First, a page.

What’s the rush to play before we have basic skills? Do we have no time to train or to practice whether in sports or at work? Does this approach affect the quality and expectations of our young athletes and workforce?


Service of Compassion in Medical Care

Thursday, September 23rd, 2010


Just how much empathy and compassion should a doctor feel and exhibit? I’m of two minds.

Dr. Sally Satel, who wrote “Physician, Humanize Thyself” in The Wall Street Journal, spoke of the White Coat Ceremony for medical students that she claimed Dr. Arnold P. Gold of the Columbia University College of Physicians and Surgeons popularized. The symbolism of the ceremony, according to the Columbia University chaplain, is for doctors to consider their coats “cloaks of compassion.” Medical schools all over the country now conduct these ceremonies.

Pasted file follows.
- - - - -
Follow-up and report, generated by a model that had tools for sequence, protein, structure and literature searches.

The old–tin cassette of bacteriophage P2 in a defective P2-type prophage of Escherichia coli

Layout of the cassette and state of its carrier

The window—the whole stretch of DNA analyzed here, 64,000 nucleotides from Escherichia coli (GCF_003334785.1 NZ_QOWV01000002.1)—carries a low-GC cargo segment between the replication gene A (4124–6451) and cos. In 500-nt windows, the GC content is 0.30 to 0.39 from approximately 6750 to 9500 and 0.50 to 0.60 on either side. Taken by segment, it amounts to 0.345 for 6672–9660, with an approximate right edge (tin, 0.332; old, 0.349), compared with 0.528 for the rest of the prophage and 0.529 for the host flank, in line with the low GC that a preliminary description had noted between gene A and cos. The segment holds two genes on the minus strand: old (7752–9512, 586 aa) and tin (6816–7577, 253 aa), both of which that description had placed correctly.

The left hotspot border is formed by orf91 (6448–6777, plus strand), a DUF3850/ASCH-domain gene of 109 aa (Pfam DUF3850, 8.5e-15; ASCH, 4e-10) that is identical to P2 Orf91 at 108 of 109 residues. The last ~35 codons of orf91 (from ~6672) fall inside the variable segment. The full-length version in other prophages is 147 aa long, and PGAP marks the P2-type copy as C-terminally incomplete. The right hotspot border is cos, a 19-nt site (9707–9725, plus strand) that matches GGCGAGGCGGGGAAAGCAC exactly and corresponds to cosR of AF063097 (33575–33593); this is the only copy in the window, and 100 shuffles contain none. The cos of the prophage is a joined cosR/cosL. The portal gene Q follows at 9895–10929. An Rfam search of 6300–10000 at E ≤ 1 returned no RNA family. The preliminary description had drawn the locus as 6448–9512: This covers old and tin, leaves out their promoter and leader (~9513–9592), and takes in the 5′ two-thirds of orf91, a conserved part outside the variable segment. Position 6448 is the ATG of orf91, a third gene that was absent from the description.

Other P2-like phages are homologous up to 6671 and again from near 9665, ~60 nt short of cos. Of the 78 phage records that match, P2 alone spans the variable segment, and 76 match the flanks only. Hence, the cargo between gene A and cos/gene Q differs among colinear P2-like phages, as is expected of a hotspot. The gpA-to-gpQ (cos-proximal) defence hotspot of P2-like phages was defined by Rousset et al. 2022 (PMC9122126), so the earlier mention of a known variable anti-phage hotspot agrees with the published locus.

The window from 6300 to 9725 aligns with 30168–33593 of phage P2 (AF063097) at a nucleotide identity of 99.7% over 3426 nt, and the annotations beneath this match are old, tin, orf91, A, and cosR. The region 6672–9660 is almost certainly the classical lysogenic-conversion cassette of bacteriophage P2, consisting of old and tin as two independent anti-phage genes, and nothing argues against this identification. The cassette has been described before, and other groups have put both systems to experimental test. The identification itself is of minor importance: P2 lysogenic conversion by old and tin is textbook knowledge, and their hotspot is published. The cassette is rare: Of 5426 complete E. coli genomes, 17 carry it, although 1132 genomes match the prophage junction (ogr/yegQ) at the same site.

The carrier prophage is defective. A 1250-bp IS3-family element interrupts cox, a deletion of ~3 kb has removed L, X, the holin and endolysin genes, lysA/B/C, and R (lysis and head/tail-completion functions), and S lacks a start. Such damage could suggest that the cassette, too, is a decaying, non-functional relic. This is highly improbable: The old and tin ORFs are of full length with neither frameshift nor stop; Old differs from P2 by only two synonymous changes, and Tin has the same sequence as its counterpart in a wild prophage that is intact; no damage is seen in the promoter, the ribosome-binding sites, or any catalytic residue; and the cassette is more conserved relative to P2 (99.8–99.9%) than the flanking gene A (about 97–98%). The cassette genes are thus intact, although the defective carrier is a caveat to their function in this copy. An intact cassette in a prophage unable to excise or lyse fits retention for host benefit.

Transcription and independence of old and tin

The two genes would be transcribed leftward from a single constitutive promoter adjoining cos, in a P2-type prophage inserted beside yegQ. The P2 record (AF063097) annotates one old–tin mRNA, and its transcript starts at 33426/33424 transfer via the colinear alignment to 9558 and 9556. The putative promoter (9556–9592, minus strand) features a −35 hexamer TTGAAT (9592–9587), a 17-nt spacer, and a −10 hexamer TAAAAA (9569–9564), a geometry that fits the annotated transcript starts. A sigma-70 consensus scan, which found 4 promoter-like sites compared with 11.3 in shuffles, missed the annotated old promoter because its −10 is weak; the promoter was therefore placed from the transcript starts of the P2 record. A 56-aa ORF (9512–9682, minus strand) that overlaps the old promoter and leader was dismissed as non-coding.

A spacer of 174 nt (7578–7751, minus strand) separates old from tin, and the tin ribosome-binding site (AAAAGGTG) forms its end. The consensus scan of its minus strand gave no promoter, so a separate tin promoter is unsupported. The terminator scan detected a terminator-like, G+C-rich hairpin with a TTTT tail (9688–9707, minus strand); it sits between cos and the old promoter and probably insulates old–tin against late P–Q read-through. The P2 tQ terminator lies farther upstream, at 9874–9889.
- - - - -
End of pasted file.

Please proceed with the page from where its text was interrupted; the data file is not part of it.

And I’m all for it. Having witnessed a top-rated specialist [according to a yearly listing in New York Magazine] treat my husband, who was suffering and weak, with less compassion than a plumber would feel for a pipe, I question the man’s reason for becoming a doctor. We see misfits in all sorts of professions, which is no excuse, but this fellow was all sorts of things he didn’t have to be: Rude, offhanded and wrong to the extreme in his approach to a diagnosis. Turned out my husband did have something in this person’s specialty, generated by a nasty tick bite, causing two+ months high fever and eventually the inability to get out of bed. [Husband is fine now.] A person like this doctor wouldn’t understand the significance of this or any other kind of compassion-related ceremony.

wheelchair1On the other hand, when confronted with horrendous disfigurement and frailty or facing a tricky operation with scalpel in hand, a doctor whose empathy makes him fall apart isn’t of much help, either. Referring to “respectful attentiveness and a genuine commitment to a patient’s welfare” Dr. Satel wrote: “It happens not in the classroom, of course, but ideally on the wards and in clinics under the watchful mentorship of seasoned physicians.” Maybe the nasty doctor spent all his time in the classroom.